Any places to eat or things to do that you can share with our readers? If they have a friend visiting town, what are some spots they could take them to?
Ocean Beach – Any beaches in SF are amazing. Still, the Ocean Beach is so close to the city yet have the rural beach town vibe.
Mozzeria – It’s a small Italian restaurant where all staff members are deaf. Since I don’t know any sign language, I have to point or use hand signals, but they’re all very understanding and friendly. They make fire-oven baked pizzas. Every item on the menu is great.
The View Lounge – If a friend is into a cool bar scene, I’d love to take them here. The rooftop bar with a huge spiderweb-like window that oversees the city is just too cool!
Elixir – If a friend is into a quaint local bar scene, this would be the place. The experience is better in the winter since they serve hot spiced cider during the cold seasons. Sipping the hot spiked drink next to the fogged window was the best time in my 20’s!
Shoutout is all about shouting out others who you feel deserve additional recognition and exposure. Who would you like to shoutout?
Of course I must give a shoutout to my wonderful parents, Jeff Yoon & Joanne Cho. My parents are very humble, honest folk. They’ve always encouraged me to be artistic and quietly supported my journey. Even though I’m building my own married life here in America, I’ll always consider my parents’ place in Canada my home. Thinking back, I recognize many moments when my parents took a back position and let my young frustrations just take its course. I’m happy to be who I am now, and it’s all thanks to them!
I want to thank my husband Kitikhun Pan Vongsayan. He’s the most gentle, non-violent person I’ve ever met. His wisdom has helped me to think more for other people. His endless patience for me makes me want to be better. He is the one that I’ve went through the toughest ups and downs together with, and I know we will be able to get through anything together in the future! He also scratches my back for hours and hours. He’s just the best.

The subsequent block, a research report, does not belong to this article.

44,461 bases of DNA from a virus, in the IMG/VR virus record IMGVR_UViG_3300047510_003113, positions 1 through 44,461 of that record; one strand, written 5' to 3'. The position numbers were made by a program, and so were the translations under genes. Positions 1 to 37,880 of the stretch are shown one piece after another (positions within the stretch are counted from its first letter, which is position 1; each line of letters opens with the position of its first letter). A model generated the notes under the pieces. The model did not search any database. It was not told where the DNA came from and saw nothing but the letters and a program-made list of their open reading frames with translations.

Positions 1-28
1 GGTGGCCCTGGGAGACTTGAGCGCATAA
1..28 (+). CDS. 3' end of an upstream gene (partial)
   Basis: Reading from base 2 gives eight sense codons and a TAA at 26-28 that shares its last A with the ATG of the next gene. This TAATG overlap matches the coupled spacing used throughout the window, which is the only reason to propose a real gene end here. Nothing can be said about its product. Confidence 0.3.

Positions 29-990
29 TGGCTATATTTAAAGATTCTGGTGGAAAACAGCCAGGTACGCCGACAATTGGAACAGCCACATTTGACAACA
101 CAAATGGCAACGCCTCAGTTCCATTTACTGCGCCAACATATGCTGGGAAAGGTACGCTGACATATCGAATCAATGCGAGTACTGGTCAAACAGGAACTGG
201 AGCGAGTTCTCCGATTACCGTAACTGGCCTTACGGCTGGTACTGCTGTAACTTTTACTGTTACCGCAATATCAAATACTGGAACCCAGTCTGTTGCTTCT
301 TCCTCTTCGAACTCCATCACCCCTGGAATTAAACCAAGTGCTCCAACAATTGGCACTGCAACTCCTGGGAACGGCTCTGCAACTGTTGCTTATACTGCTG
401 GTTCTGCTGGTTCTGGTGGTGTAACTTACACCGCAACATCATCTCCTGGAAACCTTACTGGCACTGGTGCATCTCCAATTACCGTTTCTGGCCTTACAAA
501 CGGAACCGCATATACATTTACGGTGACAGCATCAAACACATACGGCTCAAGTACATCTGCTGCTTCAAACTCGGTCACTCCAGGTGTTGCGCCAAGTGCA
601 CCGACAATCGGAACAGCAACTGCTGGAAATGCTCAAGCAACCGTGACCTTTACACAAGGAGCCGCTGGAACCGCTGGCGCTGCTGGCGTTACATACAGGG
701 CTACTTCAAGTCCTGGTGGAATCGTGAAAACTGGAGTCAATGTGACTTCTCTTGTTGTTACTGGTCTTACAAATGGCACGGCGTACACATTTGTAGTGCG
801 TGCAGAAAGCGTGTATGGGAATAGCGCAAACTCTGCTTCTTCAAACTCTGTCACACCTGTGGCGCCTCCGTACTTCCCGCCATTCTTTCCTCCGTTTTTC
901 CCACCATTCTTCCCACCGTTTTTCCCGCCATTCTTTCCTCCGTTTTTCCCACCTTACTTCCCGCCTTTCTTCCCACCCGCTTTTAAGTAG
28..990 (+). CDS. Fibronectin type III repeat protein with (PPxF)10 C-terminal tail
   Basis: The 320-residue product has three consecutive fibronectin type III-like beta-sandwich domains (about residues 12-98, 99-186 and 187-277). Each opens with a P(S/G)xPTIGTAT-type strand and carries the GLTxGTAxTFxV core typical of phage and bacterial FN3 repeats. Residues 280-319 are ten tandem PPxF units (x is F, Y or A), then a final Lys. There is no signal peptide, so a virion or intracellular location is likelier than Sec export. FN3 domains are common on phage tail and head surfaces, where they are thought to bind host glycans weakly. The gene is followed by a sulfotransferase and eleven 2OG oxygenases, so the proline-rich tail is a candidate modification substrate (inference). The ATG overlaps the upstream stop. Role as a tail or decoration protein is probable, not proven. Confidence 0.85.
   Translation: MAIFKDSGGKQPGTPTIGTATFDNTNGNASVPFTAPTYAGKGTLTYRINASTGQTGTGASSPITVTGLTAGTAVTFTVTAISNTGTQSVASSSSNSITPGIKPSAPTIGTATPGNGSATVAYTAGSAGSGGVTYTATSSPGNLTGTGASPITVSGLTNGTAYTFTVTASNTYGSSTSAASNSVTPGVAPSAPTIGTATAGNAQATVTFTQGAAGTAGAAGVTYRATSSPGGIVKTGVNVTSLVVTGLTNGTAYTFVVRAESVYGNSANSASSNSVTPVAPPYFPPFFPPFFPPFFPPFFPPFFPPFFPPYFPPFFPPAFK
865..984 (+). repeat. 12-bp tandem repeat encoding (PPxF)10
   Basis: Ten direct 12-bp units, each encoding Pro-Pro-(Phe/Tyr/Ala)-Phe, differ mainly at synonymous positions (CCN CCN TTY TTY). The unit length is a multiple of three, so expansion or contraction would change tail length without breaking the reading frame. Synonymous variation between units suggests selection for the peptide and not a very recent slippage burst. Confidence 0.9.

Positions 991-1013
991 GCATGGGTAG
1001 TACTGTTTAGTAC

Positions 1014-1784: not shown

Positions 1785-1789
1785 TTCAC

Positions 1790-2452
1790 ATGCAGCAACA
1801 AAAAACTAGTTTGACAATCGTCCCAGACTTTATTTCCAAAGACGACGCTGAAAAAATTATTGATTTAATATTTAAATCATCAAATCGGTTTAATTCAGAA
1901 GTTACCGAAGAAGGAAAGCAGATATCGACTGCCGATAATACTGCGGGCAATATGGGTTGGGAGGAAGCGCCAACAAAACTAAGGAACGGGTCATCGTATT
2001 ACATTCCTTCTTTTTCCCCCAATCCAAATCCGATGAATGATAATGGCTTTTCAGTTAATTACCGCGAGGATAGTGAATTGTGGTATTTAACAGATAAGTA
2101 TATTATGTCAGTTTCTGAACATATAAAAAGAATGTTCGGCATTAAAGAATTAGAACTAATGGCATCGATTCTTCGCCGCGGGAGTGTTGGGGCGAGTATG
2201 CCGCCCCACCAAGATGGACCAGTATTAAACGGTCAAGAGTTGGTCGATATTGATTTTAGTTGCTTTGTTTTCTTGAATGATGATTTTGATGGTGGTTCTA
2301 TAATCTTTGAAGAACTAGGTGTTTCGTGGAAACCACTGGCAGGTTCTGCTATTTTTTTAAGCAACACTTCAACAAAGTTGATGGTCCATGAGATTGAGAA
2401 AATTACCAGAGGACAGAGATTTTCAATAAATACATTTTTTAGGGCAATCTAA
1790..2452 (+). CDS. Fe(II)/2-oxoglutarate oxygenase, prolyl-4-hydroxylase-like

Also to my career mentor Nicholas Koenig. He was my Chief Creative Director in my second full time job. He saw potentials in his artists and trained them to become art directors, and I was one of them. All the support he offered really helped me excel and mature as an artist. Unlike the school training which focused on perfecting the artistry, the training I received from my mentor was to widen my view and plan a whole project from ground up. I was also offered several new & difficult opportunities by him which forced me to learn and grow. I don’t think that I received these valuable lessons because I was special, but rather I think I was lucky to have crossed paths with him. So I’m very grateful for that and I know the lessons will help me for a long term!
I want to give a special shoutout to my friends, Yunhee Nam, Dada Ahn, Ferrari Sotthisaowaphak, Tanta Vorawatanakul, and Pong Jeed. This is very difficult since I love so many of my friends, and they all impacted my life positively. The reason why I wanted to give a special shoutout to these folks is because they’re like the second family to me. I know I can be myself and be honest with them. Yunhee and Dada are very far away and hard to connect, but I know when I see them it will be like I just saw them yesterday. Ferrari and Tanta came into my life with big open arms and helped me through a tough time here in San Francisco. They’re unrealistically charming too. What did I do to deserve them?! Pong is quite possibly the only male friend that I feel most comfortable with and trust. I must admit my own insecurities sometimes makes it hard for me to get close to some male friends, and I began to think I would never have a close male friend. Meeting him however changed that thought! I’m so grateful to have them in my life. 🙂